July 14, 2017
Who Do You Follow?
By Skip Heitzig
I believe the church today needs role models—people who will love God, stand up for the truth, and say, like Paul, "Follow my example, as I follow the example of Christ" (1 Corinthians 11:1, NIV). This doesn't mean we should look to another person as some sort of idol, but we should be willing to follow their example as they follow the Lord. The book of 3 John shows us three different personalities in the early church—Gaius, Diotrephes, and Demetrius—two of whom are great role models and one of whom serves as a warning.
First is the spiritually healthy Gaius. The book begins, "The Elder [the apostle John], to the beloved Gaius, whom I love in truth: beloved, I pray that you may prosper in all things and be in health, just as your soul prospers" (3 John 1:1-2). Gaius was spiritually strong, despite what many scholars believe is an allusion to his ill health; he was growing consistently and walking in the truth.
And this was because he was a lover of the truth—of the Scriptures. As John said, "For I rejoiced greatly when brethren came and testified of the truth that is in you, just as you walk in the truth. I have no greater joy than to hear that my children walk in truth" (vv. 3-4).
Gaius was further commended in verses 5-6: "Beloved, you do faithfully whatever you do for the brethren and for strangers, who have borne witness of your love before the church. If you send them forward on their journey in a manner worthy of God, you will do well." In the early church, itinerant preachers and evangelists would stay at people's homes, and Gaius was someone who would always welcome them into his own home. He was a man of hospitality, and thus a man of good testimony—a fellow worker for the truth (see v. 8).
But now we get to Diotrephes: "I wrote to the church," said John, "but Diotrephes, who loves to have the preeminence among them, does not receive us. Therefore, if I come, I will call to mind his deeds which he does, prating against us with malicious words. And not content with that, he himself does not receive the brethren, and forbids those who wish to, putting them out of the church" (vv. 9-10).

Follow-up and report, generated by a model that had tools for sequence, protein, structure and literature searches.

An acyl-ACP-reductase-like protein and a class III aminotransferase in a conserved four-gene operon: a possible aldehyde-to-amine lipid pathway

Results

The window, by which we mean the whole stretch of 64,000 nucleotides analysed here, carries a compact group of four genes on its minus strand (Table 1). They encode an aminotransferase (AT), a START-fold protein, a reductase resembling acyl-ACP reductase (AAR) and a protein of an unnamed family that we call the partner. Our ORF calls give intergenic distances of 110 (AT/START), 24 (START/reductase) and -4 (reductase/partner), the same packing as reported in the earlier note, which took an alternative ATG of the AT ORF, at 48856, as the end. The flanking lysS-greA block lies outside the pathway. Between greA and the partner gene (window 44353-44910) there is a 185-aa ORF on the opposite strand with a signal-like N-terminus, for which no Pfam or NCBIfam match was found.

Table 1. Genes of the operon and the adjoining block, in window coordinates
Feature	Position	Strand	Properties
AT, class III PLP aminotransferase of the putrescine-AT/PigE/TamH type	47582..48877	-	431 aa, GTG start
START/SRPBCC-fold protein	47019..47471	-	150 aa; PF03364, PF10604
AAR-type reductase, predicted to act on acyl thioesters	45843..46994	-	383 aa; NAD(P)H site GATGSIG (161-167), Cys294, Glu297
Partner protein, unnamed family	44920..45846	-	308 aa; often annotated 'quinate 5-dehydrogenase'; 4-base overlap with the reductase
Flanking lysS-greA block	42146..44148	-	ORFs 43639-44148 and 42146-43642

If you're looking for a biblical name for your son, I wouldn't suggest Diotrephes. Diotrephes was an insecure, stunted leader—if indeed he was a Christian at all. He lorded his power over the flock in direct opposition to Jesus' words that "whoever desires to become great among you, let him be your servant" (Matthew 20:26). It's bad enough when nonbelievers provide us with bad role models, let alone when Christian leaders are bad role models. Diotrephes wanted control over everyone and kicked people out of the church when they didn't agree with him. He was a poisonous man.
So John warned the church, "Beloved, do not imitate what is evil, but what is good. He who does good is of God, but he who does evil has not seen God" (v. 11).And as an example of what is good and as a way to bring his letter full circle, John pointed to yet another personality: Demetrius. "Demetrius has a good testimony from all, and from the truth itself. And we also bear witness, and you know that our testimony is true" (v. 12). In other words, John was saying, "If you want a role model, look at Demetrius. He has a good testimony among everybody. He's a praiseworthy Christian."
The third epistle of John shows us two very different types of role models, doesn't it? Some are constantly growing in truth, hospitality, and goodness, like Demetrius and Gaius—and some are closed, haughty, and proud, like Diotrephes. So who are you looking to as your example? I pray that the Lord would stir you up to pursue Him with all your heart, looking to and following the example of praiseworthy—though not perfect—believers, always "[pressing] toward the mark for the prize of the high calling of God in Christ Jesus" (Philippians 3:14, KJV).
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